Boiling the Bones; Filament
Boiling the Bones
She adds nothing of worth to the pot:
bits of bones, cheese ends, root tops and beef shin
turned sharp white, splitting and spilling
the heart right out of them.
No pork cheek unclaimed. No marrow or globs
of fat left to render.
The bitter rinds curdle and give way,
a taste that took years for her to learn, and given enough
hours, even the savory clippings
of rutabagas and endive yield
to the broth’s sweet finish. Now she knows, time claims
what can be taken.
Her practiced hand skims the trim,
washing what’s not fit to keep down the sink, and the broth
is broken, running wild.
She considers the bones.
In the early hours of kitchen light they glow pearlescent in the pot.
Days before the meat had clung
to the bones with a will for staying.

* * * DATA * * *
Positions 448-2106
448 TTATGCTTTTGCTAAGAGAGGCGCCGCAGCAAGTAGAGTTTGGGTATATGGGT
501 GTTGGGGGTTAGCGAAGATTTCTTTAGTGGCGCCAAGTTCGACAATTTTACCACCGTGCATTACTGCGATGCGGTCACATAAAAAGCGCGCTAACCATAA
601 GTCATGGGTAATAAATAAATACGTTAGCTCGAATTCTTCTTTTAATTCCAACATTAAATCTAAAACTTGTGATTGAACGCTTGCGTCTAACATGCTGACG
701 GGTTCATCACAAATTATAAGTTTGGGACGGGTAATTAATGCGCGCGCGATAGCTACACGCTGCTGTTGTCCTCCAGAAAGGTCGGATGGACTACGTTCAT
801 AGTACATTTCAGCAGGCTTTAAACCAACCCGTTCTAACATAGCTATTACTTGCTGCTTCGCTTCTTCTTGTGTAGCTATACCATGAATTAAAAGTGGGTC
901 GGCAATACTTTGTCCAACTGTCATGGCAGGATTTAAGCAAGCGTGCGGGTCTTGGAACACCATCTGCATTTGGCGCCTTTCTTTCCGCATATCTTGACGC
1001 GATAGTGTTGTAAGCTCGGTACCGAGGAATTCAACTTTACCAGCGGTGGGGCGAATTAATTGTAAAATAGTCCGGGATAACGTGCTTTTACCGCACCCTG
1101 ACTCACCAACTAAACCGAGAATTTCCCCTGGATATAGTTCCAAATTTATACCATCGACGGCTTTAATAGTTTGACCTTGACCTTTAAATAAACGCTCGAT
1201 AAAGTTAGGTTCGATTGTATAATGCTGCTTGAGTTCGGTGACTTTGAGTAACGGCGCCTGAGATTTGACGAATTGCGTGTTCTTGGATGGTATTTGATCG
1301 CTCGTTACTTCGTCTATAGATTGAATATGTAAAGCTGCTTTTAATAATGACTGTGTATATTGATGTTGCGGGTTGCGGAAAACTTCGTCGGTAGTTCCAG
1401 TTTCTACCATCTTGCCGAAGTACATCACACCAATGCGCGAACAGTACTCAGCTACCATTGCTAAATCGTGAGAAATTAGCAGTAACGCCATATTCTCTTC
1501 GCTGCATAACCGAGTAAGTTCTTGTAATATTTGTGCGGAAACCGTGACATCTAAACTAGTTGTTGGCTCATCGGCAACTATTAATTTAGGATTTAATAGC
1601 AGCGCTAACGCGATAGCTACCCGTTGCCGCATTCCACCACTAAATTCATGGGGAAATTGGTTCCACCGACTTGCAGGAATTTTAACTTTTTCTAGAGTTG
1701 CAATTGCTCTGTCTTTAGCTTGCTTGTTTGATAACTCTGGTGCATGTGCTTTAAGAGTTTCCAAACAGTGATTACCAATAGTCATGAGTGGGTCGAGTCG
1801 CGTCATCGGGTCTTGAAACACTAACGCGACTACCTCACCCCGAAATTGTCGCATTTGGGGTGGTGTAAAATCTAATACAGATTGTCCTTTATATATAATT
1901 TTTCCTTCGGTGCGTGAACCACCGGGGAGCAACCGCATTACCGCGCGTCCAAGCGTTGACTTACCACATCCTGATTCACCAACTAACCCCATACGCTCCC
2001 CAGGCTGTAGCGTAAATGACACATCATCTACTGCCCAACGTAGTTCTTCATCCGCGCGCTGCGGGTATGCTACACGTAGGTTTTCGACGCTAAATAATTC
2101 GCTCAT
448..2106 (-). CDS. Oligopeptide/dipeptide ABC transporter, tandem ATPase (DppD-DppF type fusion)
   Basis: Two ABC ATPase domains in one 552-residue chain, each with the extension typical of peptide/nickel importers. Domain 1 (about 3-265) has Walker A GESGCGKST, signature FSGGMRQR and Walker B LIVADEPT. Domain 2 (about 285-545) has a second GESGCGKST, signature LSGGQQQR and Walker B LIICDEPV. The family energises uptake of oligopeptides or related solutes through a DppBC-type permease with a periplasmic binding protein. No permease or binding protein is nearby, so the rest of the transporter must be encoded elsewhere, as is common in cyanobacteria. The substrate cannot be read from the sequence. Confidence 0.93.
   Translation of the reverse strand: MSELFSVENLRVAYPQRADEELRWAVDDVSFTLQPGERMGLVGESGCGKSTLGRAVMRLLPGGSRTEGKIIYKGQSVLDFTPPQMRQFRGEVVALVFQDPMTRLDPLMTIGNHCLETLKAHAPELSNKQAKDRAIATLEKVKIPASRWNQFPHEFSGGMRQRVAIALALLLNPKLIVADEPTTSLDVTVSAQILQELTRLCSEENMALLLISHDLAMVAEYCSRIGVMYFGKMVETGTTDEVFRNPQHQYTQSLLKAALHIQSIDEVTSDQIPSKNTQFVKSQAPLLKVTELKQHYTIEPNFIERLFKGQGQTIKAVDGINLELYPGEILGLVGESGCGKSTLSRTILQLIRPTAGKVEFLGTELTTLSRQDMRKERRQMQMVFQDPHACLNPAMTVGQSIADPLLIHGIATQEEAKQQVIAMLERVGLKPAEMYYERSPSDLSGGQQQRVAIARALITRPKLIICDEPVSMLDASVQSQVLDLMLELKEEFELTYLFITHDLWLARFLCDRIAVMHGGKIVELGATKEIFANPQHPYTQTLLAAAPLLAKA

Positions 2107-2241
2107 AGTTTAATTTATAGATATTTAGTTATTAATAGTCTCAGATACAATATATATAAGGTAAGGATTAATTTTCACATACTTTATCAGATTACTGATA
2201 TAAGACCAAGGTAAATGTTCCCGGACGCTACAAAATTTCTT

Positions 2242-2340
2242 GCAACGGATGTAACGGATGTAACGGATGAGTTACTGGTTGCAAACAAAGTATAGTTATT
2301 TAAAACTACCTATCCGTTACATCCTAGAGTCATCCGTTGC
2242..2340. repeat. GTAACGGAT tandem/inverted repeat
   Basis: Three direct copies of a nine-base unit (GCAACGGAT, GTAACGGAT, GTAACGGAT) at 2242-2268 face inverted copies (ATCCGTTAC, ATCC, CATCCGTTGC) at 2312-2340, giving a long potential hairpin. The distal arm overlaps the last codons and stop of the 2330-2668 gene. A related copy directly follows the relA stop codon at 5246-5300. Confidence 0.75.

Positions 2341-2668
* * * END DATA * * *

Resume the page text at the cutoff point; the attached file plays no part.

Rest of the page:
But even the love the meat has for the bone can be worn away.
Who’s to say it isn’t the rigid fingers
of water that coax each tendon to pull itself apart.
She imagines instead that the bone
chooses to be free,
to split itself apart,
to give up the thing that clings like a child to its side,
that beats like a heart in its marrow,
as if it were built for mourning.
I should have suspected
when the light bulbs went missing
it wasn’t the glass
It wasn’t until I stood
in the dimmed bathroom
that I realized you’d been living
in darkness for months.
How I could have missed
the filaments, naked in their sockets
or the dark passage carved beneath your eyes,
I’ll never know.
A mother should see these things.
A daughter, hunched in the tar black,
there in a waste basket,
a shatter of glass.